Yoon Ha Lee wrote, quoting myself:

> > I've not developed much of a culture around my lang, but there are a
> > few hints here and there.
> I had the culture *before* the lang. The lang is really an aid for a
> fantasy novel-in-progress, _Origami Souls_. (Hey, it's up to 14
> chapters and some 20,000+ words).

That's (roughly, in the sense of 'more than half and less than double')
comparable to the length of "The Cries of an Injured World". Which is a
story I've co-written with a friend, and we finished the actual writing
ages and ages ago, but I haven't got around to finishing the editing
stages because I'm just far too much of a perfectionist.

The story talks about language quite a bit. We learn that the hero's
name, Zerrakhi, means "Explorer", and indeed that's what it means in my
conlang. We also learn that the medallion worn by the lead woman contains
an inscription in the forgotten language of the First Wizards (Zerrakhi's
ancestors). Considerable mystery is built up around this, and there's a
scene wherein Zerrakhi uses a dictionary of that ancient language to
translate the inscription. It says, "Behold the Key of Restoration".

> > The legends of the people describe the force in terms of a legendary
> > giant eagle as it punctures the flesh of its victim. Actually it's
> > something of an analogy for human sexuality, and there's no WAY that
> > I'm going to explain where I got the idea (let's just say I wrote the
> > story to take my mind off certain things, and also as a communicative
> > measure).
> <g> I've destroyed most of my earlier stories, especially the ones I
> couldn't figure out how to salvage anything useful from. Anything that
> survived from high school or earlier usually gets mutilated terribly
> when I try to turn it into a viable story.

Yeah, I don't have any of my earlier stuff. "The Door to Destruction" was
one that came before "The Clawmark". And before that was "The Snakewhip
Adventure". And all sorts of junk before that, most of it involving the
god-like hero Antherus, who was something of an obsession of mine. The
earliest story I remember writing for pleasure was "Gelikokia", featuring
a family of goats in the forest.

> With the giant eagle I would've thought of Prometheus, myself. =^)

It symbolises the idea of a mark, i.e. of a permanent change. As in 'You
are never the same after ...' There is a more gruesome aspect, but that's
what I'm not going to talk about.

In "The Cries of an Injured World", an eagle symbolises a warning.

> Magic exists in my conculture but is generally regarded in an animistic
> sort of fashion. What theology there is didn't really come from the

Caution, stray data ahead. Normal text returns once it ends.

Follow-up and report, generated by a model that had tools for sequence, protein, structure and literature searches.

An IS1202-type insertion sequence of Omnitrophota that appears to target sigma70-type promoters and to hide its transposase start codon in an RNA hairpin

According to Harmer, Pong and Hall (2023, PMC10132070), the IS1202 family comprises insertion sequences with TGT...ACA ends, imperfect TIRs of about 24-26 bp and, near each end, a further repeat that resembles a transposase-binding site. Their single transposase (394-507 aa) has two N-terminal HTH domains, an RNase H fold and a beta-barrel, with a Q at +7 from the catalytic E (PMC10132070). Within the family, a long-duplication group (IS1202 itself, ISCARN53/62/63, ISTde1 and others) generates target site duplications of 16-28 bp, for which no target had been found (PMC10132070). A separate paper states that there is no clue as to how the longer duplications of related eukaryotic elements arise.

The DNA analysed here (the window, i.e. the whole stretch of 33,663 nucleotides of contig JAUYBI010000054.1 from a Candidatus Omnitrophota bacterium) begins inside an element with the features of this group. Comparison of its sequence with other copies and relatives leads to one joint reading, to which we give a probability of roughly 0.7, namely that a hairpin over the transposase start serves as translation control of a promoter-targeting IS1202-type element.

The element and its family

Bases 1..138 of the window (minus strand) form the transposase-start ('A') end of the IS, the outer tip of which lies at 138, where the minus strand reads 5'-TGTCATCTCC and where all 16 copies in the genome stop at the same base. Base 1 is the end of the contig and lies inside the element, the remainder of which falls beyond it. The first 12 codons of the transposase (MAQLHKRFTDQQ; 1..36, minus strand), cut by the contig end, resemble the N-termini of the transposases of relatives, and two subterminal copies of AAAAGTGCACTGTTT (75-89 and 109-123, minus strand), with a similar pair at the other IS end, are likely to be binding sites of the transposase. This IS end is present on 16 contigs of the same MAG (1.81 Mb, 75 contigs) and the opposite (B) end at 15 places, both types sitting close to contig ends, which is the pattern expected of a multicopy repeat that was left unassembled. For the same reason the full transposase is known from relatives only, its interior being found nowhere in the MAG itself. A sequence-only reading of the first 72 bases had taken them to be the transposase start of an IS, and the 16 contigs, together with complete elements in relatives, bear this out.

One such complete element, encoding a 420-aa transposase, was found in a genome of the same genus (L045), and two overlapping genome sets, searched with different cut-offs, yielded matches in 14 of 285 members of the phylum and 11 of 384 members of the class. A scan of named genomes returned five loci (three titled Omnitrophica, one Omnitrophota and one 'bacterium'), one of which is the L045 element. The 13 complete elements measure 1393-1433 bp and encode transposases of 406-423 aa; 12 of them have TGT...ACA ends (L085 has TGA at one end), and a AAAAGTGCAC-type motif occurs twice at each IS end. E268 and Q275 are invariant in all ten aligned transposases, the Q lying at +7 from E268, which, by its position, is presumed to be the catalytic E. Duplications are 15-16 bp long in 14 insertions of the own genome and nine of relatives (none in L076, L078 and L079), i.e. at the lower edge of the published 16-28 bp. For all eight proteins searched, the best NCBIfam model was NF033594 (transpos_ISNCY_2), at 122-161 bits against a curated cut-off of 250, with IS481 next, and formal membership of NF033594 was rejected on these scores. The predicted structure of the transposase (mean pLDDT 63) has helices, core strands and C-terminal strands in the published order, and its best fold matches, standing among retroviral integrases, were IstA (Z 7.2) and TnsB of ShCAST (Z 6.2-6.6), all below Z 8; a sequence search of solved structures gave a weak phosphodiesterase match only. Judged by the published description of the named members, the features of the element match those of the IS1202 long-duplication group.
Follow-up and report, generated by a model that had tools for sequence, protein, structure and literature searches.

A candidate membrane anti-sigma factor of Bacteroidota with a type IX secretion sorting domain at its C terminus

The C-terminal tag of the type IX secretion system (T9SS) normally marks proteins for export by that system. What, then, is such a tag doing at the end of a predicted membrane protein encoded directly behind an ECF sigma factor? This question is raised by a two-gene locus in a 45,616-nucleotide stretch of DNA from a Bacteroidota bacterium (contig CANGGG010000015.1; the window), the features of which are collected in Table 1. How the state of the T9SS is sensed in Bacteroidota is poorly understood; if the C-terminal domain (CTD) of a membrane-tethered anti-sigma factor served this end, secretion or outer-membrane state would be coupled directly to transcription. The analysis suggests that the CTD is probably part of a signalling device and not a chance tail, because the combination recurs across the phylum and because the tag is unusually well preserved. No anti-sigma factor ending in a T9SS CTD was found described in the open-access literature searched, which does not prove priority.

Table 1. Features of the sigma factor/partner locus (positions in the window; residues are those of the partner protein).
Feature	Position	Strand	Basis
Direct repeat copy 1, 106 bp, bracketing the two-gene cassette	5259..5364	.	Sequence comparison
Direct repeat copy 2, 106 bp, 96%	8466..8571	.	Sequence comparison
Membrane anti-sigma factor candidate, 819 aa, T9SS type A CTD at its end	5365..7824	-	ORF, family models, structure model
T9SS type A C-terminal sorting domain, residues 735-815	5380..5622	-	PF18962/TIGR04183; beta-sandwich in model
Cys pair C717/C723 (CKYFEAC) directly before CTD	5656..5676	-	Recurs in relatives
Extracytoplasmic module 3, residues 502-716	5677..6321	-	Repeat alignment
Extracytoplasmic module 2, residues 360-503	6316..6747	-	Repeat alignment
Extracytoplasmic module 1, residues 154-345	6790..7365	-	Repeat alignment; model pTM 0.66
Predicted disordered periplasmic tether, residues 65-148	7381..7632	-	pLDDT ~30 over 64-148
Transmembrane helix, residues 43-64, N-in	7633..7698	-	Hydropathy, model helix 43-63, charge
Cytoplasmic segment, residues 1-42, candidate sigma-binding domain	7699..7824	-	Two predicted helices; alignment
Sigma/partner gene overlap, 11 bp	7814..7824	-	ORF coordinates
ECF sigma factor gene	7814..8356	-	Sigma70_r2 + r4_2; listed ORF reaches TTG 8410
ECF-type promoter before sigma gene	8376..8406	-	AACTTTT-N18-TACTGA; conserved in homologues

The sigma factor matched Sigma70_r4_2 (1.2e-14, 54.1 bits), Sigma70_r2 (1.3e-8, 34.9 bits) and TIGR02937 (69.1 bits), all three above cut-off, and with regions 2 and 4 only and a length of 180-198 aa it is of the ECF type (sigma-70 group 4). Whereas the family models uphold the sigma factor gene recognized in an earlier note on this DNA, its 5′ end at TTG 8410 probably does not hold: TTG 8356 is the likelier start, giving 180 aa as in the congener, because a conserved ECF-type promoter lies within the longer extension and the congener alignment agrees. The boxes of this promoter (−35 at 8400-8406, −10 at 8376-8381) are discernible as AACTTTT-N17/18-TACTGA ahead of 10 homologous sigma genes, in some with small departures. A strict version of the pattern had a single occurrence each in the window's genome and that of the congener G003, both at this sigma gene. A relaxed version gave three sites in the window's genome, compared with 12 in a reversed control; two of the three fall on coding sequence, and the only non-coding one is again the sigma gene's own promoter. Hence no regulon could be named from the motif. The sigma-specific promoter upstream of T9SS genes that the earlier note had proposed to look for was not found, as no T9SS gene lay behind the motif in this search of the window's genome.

> magic system, but from my memories of folk religion and Buddhism and
> what-have-you in Korean.

As you've probably gathered, theology is an interest of mine :-) The
Christian culture/church that I come from encourages people to think for
themselves in matters of faith, and my faith is very much tailored to my
own preferences in analogies, explanations and favourite verses, yet
remains fully congruous with mainstream Christianity.

I admire Buddha as a historical figure. Here was someone in whom the
effects of corruption in the world cut so deep that he could not bear
even to eat until he caught a glimpse of a solution. That, to me, is the
mark of true spiritual greatness.

> I've *tried* portraying institutionalized--la-Catholicism (my knowledge
> of which ends shortly after the Protestant Reform--what I get for
> focussing too much on medieval history) religion, but I can never get
> it right. :-/ At some level I fundamentally don't understand that sort

Can't help you there ... I'm a protestant.

> > In the language (not necessarily connected to either of the stories)
> > the culture is basically monotheist. The word for 'God' /roKi/ is a

Should be /rOKi/. I actually like this as a word for 'God'. A friend once
jokingly criticised it on the grounds that you can't _swear_ a word like

> <wry g> When culture-building occasionally my own beliefs filter into
> the culture's belief-system, but I don't specifically set out to design
> them that way. OC, I belong to the semi-perfectionist-wannabe school of
> worldbuilding. It would be neat to try something like what you've
> described, though my own faith is so messed-up and uncertain it'd
> really come out confused!

I just think it would be interesting to take analogies that lie on the
/edge/ of my own faith (i.e. descriptions that I personally find helpful)
and move them into the very /centre/ of a fictional faith, and see what
happens. But I haven't done this.

> More kudos to you.

Chocolate flavoured ones? :-)

> Cheers,

web.       | Here and there I like to preserve a few islands of sanity | within the vast sea of absurdity which is my mind.
member/    | After all, you can't survive as an eight foot tall
dragon     | flesh eating dragon if you've got no concept of reality.